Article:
Angina is commonly a symptom of an underlying heart condition, usually coronary artery disease (CAD). So if you’re at risk for CAD, you’re also at risk for angina. But, you may have Prinzmetal’s Angina with or without other coronary artery disease.
If you suffer severe chest pains while at rest, and nitroglycerin tablets relieve the pain, ask your doctor about Prinzmetal’s.
Risk factors for coronary artery disease include:
- Unhealthy cholesterol levels.
- High blood pressure.
- Cigarette smoking.
- Insulin resistance or diabetes.
- Overweight or obesity.
- Metabolic syndrome.
- Lack of physical activity.
- Age. (The risk increases for men after 45 years of age and for women after 55 years of age.)
- Family history of early heart disease.
You may have Prinzmetal’s Angina with none of the above risk factors present.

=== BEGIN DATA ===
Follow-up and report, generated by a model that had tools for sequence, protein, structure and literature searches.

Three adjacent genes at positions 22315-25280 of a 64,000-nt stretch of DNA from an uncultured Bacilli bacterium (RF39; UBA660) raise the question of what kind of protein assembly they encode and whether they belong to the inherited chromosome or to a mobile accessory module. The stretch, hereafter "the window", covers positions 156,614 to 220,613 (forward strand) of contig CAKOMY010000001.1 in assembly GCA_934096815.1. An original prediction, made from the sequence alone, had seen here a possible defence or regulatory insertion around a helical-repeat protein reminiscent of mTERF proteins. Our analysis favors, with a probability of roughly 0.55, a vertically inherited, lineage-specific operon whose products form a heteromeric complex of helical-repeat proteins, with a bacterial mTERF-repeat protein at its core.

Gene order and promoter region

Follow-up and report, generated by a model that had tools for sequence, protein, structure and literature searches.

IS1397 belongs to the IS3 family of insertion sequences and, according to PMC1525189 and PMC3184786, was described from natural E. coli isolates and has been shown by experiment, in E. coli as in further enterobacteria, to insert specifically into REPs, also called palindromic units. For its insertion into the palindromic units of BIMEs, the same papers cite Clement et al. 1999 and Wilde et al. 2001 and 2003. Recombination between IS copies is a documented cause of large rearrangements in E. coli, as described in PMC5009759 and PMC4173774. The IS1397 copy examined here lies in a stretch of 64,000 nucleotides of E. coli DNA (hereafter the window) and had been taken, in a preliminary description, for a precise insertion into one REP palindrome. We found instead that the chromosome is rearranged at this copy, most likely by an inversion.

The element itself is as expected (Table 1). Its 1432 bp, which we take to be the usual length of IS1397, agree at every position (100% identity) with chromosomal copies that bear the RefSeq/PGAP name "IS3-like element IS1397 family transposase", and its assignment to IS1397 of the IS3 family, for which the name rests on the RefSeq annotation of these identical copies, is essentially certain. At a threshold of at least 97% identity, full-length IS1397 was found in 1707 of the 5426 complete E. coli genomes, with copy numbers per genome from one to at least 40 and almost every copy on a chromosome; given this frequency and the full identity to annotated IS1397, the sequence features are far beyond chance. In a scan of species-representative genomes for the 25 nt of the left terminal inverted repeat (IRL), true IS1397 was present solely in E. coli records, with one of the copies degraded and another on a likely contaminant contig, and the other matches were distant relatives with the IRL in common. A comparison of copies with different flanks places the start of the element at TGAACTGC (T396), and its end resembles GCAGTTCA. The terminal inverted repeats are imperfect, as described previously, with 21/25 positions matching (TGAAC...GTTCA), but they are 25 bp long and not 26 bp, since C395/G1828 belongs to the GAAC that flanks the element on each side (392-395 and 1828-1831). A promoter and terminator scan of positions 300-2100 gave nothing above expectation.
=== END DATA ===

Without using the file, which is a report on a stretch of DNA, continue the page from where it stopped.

People sometimes think that because men have more heart attacks than women, men also suffer from angina more often. In fact, angina occurs equally among women and men. It can be a sign of heart disease, even when initial tests don’t show evidence of CAD.
Current medical thought is that Prinzmetal’s Angina is rare: that it accounts for only about 2 out of 100 cases of angina. People who have Prinzmetal’s angina are often younger than those who have other forms of angina. That would indicate that there are about 140,000 people with Prinzmetal’s Angina. We believe that figure is is grossly underestimated.
The young people who have Prinzmetal’s do not become miracululously free of it simply because they became older. A large percent of them contract various forms of coronary artery disease as they age. Then, when they suffer the chest pains, their cardiologists discover the easily dianosed forms of angina without suspecting that Prinzmetal’s is also present. Of the estimated 7 million people who have angina, and the 140,000 who have been diagnosed with Prinzmetal’s, how many have both?